Q: Meg Ryan says she wants to play Sylvia Plath.
A: Oh Meg Ryan, hmmm, or Melanie Griffith would be fantastic. . . .
Q: Do You have a personal philosophy?
A: I can't say that I do, really. It's funny you should ask. I could give a very long answer. . . . Well, the short one is no.
Q: Okay. Have you got a credo?
A: The short answer is no. But I have got a long answer. In terms of the creeds and philosophies of contemporary art, I think you've got to reject them. And recently I have come to realize I must systematically do that. It doesn't mean that I totally ignore them or don't think about them; I do think about them, but you've got to start off from a position of rejecting them because you don't want to be stuck in a position everyone in the art world is in, maybe at a certain age, maybe not at an advanced age, using theory and philosophy and ideas to intimidate people that don't really know what those ideas are or haven't read an ordinary book. What can they do with a theory book?. So I have a very clear and distinct credo and philosophy in relation to that problem. Apart from that problem, I'm just an easy-going, liberal, middle-aged guy.
Q: Moment of humiliation and moment of triumph?
A: I haven't any moments of triumph but nearly all my moments are of humiliation! all my moments in the art world are of utter pain and humiliation. My writing is all about my feelings of humiliation.
Q: Have you been mistreated or abused?
A: Yeah, constantly abused. I find the whole art world existence one of being mistreated and insulted in some way. And I think why on earth would I let myself in for that, why, how can people be like that.
Q: So you really are an artist.
A: Yeah heh! that probably is what defines an artist. An extra-sensitive paranoiac. That's a common point of view, and not one that's expressed very often.
Q: Do you think you have become more of a target now that you've become more of a recognizable personality?
A: No strangely, no. A target in some ways but not necessarily for attacks. People are always coming up to me saying I saw your program, I read your article, they are friendly but even that I find a bit difficult because I don't know what they mean, I don't want to help anybody about art, I just want to describe things that I know or that I feel I'm familiar with and I want to describe the oddity of it.
And then people say that oh, I've really opened their eyes to art and I don't want to do that to anybody, no, but over the years my self-irony has become less jolly and more sort of twisted, I think bitter, still amusing I think, but weirdly so. People suck up to me even more and I'm not quite sure if it's their masochism or if it's simply that they don't really read what I say anyway as long as I write about them then they'll get some publicity and that's OK.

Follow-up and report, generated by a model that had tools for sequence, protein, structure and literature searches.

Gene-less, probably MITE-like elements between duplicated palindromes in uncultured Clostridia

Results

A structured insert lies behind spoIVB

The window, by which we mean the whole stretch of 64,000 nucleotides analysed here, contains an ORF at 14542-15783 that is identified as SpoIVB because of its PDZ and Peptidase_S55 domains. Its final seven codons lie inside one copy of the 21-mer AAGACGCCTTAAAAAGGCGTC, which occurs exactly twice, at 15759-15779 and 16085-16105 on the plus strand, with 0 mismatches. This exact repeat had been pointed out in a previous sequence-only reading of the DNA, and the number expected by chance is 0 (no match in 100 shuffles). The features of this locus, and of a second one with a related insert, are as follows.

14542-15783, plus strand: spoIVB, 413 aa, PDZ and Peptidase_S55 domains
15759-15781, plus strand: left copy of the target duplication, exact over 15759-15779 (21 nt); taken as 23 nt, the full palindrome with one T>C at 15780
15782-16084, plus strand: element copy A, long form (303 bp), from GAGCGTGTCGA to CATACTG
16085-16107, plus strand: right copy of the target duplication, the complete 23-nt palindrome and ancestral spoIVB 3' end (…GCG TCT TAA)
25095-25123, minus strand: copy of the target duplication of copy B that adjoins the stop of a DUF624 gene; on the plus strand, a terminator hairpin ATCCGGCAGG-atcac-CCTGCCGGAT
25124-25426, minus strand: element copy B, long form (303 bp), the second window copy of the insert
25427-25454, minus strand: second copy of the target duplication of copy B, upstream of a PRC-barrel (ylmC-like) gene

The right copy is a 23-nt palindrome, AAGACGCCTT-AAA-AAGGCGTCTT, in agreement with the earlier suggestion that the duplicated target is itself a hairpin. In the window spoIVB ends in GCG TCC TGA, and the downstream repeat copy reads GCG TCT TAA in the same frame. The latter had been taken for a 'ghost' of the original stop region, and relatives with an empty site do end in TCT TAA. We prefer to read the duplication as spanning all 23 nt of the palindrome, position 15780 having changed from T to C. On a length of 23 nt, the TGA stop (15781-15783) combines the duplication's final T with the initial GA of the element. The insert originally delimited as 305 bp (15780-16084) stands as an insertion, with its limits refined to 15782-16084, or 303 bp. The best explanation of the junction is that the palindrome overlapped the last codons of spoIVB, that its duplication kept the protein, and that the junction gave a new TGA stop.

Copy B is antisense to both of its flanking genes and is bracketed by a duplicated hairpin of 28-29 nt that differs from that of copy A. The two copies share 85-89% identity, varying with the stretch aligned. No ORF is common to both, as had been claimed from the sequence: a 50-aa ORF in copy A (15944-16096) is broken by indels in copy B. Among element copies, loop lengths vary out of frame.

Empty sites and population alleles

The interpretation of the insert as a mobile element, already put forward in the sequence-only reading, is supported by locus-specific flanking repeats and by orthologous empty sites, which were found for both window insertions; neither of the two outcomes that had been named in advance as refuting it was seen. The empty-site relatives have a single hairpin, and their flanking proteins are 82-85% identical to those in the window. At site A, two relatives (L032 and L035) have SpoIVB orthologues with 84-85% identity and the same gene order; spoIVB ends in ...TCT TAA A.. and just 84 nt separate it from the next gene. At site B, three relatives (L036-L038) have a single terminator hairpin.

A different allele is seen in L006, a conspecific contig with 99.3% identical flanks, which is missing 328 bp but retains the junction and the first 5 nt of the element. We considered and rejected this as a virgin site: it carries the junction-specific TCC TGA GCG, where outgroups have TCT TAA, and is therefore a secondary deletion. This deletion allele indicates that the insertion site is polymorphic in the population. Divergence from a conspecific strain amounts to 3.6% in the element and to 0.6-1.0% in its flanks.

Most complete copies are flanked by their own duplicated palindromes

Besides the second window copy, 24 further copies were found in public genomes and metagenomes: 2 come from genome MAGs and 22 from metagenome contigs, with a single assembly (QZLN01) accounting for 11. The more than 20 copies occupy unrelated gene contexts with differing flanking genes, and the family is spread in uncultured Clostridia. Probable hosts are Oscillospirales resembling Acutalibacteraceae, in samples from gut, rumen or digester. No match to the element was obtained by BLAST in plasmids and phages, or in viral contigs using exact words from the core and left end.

Q: Is the British Art scene going wrong? Going right?
A: Well that's a relative matter, you know, there has been no success like the British Art success, there's been nothing more successful. There's been no movement that lasted so long. Soon it will have lasted as long as the Egyptian pyramids movement. Nothing in modern art lasted 12 years, and it shows no sign of abating, this kind of goo mentality and stupidity that set in and took off very quickly and if you think of it in terms of popular success or popular acclaim or popular notice, people paying attention to it.
The Tate Modern is the most popular sign of this success, this sort of empty trivial silly place, five million people went there in one year, I don't know what they want and I don't think they know what they want. But it's definitely a successful thing.
Q: You've been very critical about it in your latest book.
A: There's nothing about art that says it gets better when it's more popular or when it's more accessible, and there is nothing about it that says the reverse. Popularity just doesn't come into the picture, you know art is either good and important and soulful and thoughtful and moving or wonderful, or not. In terms of Young British Art and the popularity of art in Britain at the moment, the interest is not in whether the art is important or soulful or whatever, but whether it is successful. The interest is purely about success.
Q: How do you think that happened?
A: Well, I'm not necessarily saying anything very clever or original when I point to the factors that are involved. I think lots of people have noticed them. Towards the end of Thatcherism in this country there was a sudden availability of international travel to young artists who hadn't had it before. There was some relative sophistication in the art schools, a sort of high-level understanding of international contemporary art that hadn't been taught before.
There was the presence of the Saatchi Gallery, where young artists could see very swanky contemporary art shows and see what contemporary art actually looked like. They had a lot of punky attitude. "We don't care." Which is something that you didn't quite have in New York at that time because people did care, because they could have a career whereas over here you couldn't.
Another factor was the availability of industrial spaces, because in this country with the end of industry and the rise of the information age there were industrial spaces where you could put on shows. This all happened at the end of the '80s with a few artists and that became Young British Art.